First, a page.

The Montreal Canadiens have agreed to a deal with Washington Capitals free agent defenseman Karl Alzner. According to Aaron Ward of TSN, it’s a five-year deal, and colleague Darren Dreger has it at just over $23 million total.
Alzner, 28, made $2.8 million against the cap on his last four-year deal with the Capitals.
So what are the Canadiens getting with Alzner?
A workhorse, for one. Alzner hasn’t missed a regular season game in the last seven seasons, playing between 19 and 21 minutes per night. He’s cracked 20 points only twice in his career, earning a reputations as a stalwart defensive defenseman while playing with more offensively minded players like John Carlson.
But they’re getting a player whose game has really fallen off in the last two seasons, where he’s been a negative possession player in each. Last season, on a good possession team, Alzner had a Corsi percentage of 47.2. He’s a minus-148 in shot attempts over the last two seasons, the worst on the Capitals by a country mile in that span.
What created such a drop-off this season? Alzner said off-season hernia surgery contributed to it. From the Washington Post:
“It’s kind of been standing still at a certain percent,” Alzner said. “There are days when I’m stiffer than other days and I can’t quite move as good, and so I have to manage the game a little differently. … I’ve never been the fastest skater, but I’ve always been a good enough skater where I can a lot of times skate myself out of trouble or catch up, if need be, and this year, I’ve been a little bit slower.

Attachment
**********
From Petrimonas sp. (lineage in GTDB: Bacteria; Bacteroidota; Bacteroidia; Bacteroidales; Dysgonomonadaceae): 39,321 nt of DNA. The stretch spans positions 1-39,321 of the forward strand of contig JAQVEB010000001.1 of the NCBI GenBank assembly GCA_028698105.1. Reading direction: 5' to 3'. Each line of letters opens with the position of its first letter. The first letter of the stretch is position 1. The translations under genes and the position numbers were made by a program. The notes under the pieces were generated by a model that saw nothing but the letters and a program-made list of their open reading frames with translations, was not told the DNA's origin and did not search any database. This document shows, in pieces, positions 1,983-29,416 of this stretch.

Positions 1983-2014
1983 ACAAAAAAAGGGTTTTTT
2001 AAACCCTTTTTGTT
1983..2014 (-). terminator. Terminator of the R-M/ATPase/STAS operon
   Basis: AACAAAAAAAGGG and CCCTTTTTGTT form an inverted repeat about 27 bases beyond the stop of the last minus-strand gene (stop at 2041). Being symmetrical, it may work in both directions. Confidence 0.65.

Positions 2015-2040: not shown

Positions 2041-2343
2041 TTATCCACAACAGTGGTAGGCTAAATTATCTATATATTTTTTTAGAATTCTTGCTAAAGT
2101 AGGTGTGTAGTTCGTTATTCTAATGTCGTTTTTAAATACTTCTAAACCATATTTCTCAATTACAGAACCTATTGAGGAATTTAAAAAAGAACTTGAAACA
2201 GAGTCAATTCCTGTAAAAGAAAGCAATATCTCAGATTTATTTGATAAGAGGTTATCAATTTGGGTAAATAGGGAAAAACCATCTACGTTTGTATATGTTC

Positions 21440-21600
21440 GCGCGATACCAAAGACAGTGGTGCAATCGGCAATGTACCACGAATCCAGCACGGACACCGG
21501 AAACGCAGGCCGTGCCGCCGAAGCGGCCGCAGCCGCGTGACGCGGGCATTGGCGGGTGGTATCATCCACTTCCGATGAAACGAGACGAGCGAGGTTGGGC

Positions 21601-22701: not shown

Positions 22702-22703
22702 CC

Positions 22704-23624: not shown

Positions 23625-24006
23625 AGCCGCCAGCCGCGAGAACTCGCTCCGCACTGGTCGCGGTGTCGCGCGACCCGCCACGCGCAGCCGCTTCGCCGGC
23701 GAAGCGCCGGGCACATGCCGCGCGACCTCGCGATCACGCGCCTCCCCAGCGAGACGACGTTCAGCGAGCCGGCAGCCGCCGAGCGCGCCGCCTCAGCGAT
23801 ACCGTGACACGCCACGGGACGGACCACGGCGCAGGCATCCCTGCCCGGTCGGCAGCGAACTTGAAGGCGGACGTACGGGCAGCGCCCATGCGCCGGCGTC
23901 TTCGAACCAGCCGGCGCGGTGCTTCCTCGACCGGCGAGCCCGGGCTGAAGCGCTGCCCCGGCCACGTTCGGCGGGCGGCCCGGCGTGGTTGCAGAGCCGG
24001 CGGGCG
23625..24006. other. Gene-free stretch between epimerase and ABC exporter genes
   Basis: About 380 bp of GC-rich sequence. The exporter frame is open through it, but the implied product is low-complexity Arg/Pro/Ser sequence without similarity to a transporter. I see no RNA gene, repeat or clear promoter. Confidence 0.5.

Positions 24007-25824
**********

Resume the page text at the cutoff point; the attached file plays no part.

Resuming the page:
“Part of it, I’m sure, is mental just because you want to guard it a little bit. Of all years, this would be a year where I wouldn’t want that to happen because the team is good and I want to be able to help as much as I can. But at the same time, it’s hard to get over that mental hurdle.”
Frankly, a player struggling like this after sports hernia surgery should scare the bejeepers out of teams, but there is also a conventional wisdom in the NHL that it just takes more than a season to recover from them.
If the number is $4.6 million, that’ll likely make Alzner the third-highest paid defenseman on the Canadiens next season, barring what happens with Andrei Markov.
So is this a good move for the Canadiens?
It’s amazing what about $400,000 can do.
At $5 million over five years, this probably gets thumbs-down immediately. At $4.6 million – that’s Jason Demers and Anton Stralman territory – it gives you pause. Yes, the stats were atrocious last season. Yes, this a wager from GM Marc Bergevin that Alzner needed a season to work through his surgery recovery.
But if the question is whether you want Alexei Emelin at $4.1 million and 31 years old or Karl Alzner at around $4.6 million and 28 years old, you take the latter option every single time, because he’s a better player. And it’s not necessarily a contract you’re saddled with if things don’t work out in, say, three seasons.
Smart move for both the player and the team here.
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